Declarative vs. Imperative Infrastructure As Code

Not all infrastructure as code is born equal. Some styles of infrastructure as code give us great benefits — whereas other kinds can cause a lot of headache.

Writing good infrastructure as code doesn’t mean simply bundling code that creates infrastructure into a repository and walking away. Knowing the in declarative vs. imperative infrastructure as code can mean the difference between having an easy life or a total nightmare.

By the end of this article you’ll know what the difference is between declarative and imperative infrastructure as code, why it matters and when you should use each. 

Declarative vs. Imperative: What’s the difference?

To kick things off, let’s start by discussing what the terms declarative and imperative mean.

A declarative instruction could be.. “Can I have a coffee on my desk at 9AM on Monday morning?” whereas the imperative version of the command could be… “Go to that machine, then get the glass jar, the fill it with water, then put it back in the machine” … you get the idea.

Okay — so one example seems longer and more wordy, but what’s the real implications of using one style of instructions over the other?

In the imperative example (the longer one) if there were to be a problem midway through — say that the glass jar was not with the machine, what do you think would happen? If you were a computer program — you’d crash. Why? Because you would be trying to perform an action that did not exist or wasn’t even possible.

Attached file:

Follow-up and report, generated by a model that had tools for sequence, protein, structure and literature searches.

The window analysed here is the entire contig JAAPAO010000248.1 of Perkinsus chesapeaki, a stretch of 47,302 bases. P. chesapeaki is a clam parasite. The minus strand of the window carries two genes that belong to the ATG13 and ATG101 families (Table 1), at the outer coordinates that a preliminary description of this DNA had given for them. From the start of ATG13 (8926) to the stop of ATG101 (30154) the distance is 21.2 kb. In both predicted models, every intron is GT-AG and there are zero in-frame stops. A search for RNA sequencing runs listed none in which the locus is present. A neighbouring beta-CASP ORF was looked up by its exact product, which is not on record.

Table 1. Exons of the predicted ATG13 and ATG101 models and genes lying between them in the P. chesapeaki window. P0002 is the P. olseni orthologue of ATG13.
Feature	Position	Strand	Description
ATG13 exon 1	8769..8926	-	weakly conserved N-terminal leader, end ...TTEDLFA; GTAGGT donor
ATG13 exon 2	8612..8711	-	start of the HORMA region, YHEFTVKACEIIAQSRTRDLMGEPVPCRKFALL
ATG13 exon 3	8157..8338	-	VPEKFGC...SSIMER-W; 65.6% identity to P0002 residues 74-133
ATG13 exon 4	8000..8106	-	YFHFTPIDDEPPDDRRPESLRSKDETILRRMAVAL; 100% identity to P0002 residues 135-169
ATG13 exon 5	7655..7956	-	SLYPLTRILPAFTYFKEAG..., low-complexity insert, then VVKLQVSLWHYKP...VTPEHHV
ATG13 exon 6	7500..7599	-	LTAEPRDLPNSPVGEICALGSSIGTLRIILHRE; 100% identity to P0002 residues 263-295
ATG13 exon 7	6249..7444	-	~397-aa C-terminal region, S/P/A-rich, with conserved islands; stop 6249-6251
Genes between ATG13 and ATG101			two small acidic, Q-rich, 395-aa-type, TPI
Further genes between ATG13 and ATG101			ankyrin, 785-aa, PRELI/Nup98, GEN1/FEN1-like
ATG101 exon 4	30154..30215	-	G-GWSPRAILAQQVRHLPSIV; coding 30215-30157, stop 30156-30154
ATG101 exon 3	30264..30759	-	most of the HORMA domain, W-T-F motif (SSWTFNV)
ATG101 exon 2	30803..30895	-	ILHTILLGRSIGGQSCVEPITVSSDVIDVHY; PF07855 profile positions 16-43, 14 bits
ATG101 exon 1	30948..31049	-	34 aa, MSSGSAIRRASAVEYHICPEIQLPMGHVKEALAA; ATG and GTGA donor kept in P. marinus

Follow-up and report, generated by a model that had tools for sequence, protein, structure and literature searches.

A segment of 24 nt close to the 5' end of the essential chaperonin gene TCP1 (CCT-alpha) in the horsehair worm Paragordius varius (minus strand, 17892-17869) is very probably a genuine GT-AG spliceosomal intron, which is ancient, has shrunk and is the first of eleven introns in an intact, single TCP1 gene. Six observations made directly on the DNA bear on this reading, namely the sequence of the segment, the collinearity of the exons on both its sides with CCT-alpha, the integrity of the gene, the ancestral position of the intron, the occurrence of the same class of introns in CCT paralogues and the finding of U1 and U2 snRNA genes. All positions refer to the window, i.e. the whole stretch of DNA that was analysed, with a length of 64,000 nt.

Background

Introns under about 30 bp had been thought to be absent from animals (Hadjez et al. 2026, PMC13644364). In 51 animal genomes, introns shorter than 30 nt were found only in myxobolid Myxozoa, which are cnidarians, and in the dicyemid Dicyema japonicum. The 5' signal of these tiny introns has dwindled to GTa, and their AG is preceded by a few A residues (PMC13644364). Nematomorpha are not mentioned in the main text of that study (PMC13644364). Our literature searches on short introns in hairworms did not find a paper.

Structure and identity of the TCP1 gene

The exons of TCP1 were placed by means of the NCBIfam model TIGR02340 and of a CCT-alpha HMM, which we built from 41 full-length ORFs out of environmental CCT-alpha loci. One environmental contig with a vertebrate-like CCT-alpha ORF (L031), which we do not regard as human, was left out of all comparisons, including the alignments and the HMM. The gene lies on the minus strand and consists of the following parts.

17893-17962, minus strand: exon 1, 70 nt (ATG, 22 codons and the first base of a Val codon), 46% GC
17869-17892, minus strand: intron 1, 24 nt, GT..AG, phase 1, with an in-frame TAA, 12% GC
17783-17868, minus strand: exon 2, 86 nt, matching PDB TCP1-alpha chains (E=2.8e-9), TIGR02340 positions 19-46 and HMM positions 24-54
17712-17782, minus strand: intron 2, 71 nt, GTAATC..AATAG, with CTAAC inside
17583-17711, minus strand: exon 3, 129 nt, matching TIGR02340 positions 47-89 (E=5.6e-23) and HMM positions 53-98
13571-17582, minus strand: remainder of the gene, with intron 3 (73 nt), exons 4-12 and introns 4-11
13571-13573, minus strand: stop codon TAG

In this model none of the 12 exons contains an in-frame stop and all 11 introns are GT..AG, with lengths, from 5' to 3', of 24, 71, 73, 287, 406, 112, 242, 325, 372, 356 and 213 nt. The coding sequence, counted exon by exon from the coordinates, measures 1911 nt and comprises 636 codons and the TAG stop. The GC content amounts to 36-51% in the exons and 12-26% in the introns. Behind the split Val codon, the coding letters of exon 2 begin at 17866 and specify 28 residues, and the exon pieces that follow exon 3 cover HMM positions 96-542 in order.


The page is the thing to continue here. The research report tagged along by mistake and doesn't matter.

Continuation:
The explicitness of the imperative example makes it brittle. Whereas the declarative leaves scope for wiggle room and inference.

Now I know what you’re thinking… “That’s very abstract — how does that apply in the real world”? So let me give you some real world examples using infrastructure.

Declarative vs. Imperative: A Code Example

Now I know sometimes it’s hard to grasp concepts in the abstract. Below we’ve got two example ways to create the same infrastructure. In this case we’re creating an S3 bucket, first with Terraform, a declarative infrastructure as code tool. And secondly with a script. After we’ve gone through these examples we’ll cover the key differences between the styles and when to use each.